The criteria for being chosen to be on their Hottest Zip code includes key trends driving housing this year including healthy local economics, job opportunities and affordability. Jonathan Smoke, chief economist for Realtor.com said in the report, “For the first-time home buyers, these communities provide great opportunities to enter the housing market, build a career, and raise a family; older generations are able to build wealth and enjoy a variety of lifestyles.” Here are the top 50
Top 50 Hottest ZIP Codes Midyear 2015 (by rank)* Rank ZIP Code Name Rank ZIP Code Name 1 02176 Melrose, Mass. 26 50010 Ames, Idaho 2 43085 Columbus, Ohio 27 20151 Chantilly, Va. 3 80122 Littleton, Colo. 28 28273 Charlotte, N.C. 4 75023 Plano, Texas 29 97214 Portland, Ore. 5 48375 Novi, Mich. 30 67212 Wichita, Kan. 6 78247 San Antonio, Texas 31 94503 American Canyon, Calif. 7 63126 Saint Louis, Mo. 32 97078 Beaverton, Ore. 8 78729 Austin, Texas 33 62629 Chatham, Ill. 9 58103 Fargo, N.D. 34 48103 Ann Arbor, Mich. 10 92010 Carlsbad, Calif. 35 95687 Vacaville, Calif. 11 94115 San Francisco, Calif. 36 80501 Longmont, Colo. 12 07028 Glen Ridge, N.J. 37 95661 Roseville, Calif. 13 37210 Nashville, Tenn. 38 03110 Bedford, N.H. 14 14625 Rochester, N.Y. 39 68701 Norfolk, Neb. 15 66214 Overland Park, Kan. 40 98112 Seattle, Wash. 16 91354 Valencia, Calif. 41 30269 Peachtree City, Ga. 17 94954 Petaluma, Calif. 42 23233 Henrico, Va. 18 59102 Billings, Mont. 43 06092 West Simsbury, Conn. 19 95008 Campbell, Calif. 44 49534 Grand Rapids, Mich. 20 80603 Brighton, Colo. 45 21042 Ellicott City, Md. 21 02048 Mansfield, Mass. 46 68144 Omaha, Neb. 22 27560 Morrisville, N.C. 47 46804 Fort Wayne, Ind. 23 14221 Buffalo, N.Y. 48 01772 Southborough, Mass. 24 93433 Grover Beach, Calif. 49 93004 Ventura, Calif. 25 40205 Louisville, Ky. 50 32792 Winter Park, Fla.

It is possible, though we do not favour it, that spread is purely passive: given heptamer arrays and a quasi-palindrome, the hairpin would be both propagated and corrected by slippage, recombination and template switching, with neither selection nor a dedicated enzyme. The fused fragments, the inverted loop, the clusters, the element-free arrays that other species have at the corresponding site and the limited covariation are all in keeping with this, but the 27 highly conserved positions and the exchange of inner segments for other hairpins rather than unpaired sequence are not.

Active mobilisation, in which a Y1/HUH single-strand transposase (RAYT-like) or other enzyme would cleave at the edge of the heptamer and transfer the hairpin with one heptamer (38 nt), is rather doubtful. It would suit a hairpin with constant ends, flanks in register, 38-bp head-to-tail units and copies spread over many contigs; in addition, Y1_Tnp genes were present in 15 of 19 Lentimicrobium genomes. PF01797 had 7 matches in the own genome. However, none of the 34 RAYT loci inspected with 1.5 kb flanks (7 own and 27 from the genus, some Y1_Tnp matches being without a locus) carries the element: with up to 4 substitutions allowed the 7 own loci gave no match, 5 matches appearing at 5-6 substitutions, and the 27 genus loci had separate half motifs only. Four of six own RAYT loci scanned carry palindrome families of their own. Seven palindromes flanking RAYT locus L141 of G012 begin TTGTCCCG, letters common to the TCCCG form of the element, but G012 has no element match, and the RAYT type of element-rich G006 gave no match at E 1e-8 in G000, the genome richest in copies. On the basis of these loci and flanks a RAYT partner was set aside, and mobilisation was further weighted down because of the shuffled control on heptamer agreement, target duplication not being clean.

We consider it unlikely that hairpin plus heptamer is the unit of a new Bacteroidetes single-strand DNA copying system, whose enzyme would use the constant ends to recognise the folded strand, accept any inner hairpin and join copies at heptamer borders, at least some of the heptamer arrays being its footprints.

Have you ever tried a ready to drink cocktail and was disappointed that it tasted like a sugar drink or didn’t have enough kick because the alcohol was practically absent? You’re not alone – that’s typical. But not for Petaluma’s Sonoma Coast Spirits. They are breaking through and revolutionizing the twist and pour cocktail.
Petalumans Jill and Doug Olson moved their fledgling pre-mixed cocktails operation into a space behind Petaluma Hills Brewing Company on North McDowell. Founded in 2011, as a 4th generation – family owned Sonoma County Distiller, they are busy producing their award-winning pre-mix cocktails. Wilibees Wines and Spirits, big supporters of locally produced beverages, is first to stock their potent 40-proof spirits including screw-top lemon drop martini. Recently they introduced Mango Tango and Pomegranate-Lime Craft Cocktails. For all you whiskey lovers, their Whiskey Sour will launch this fall.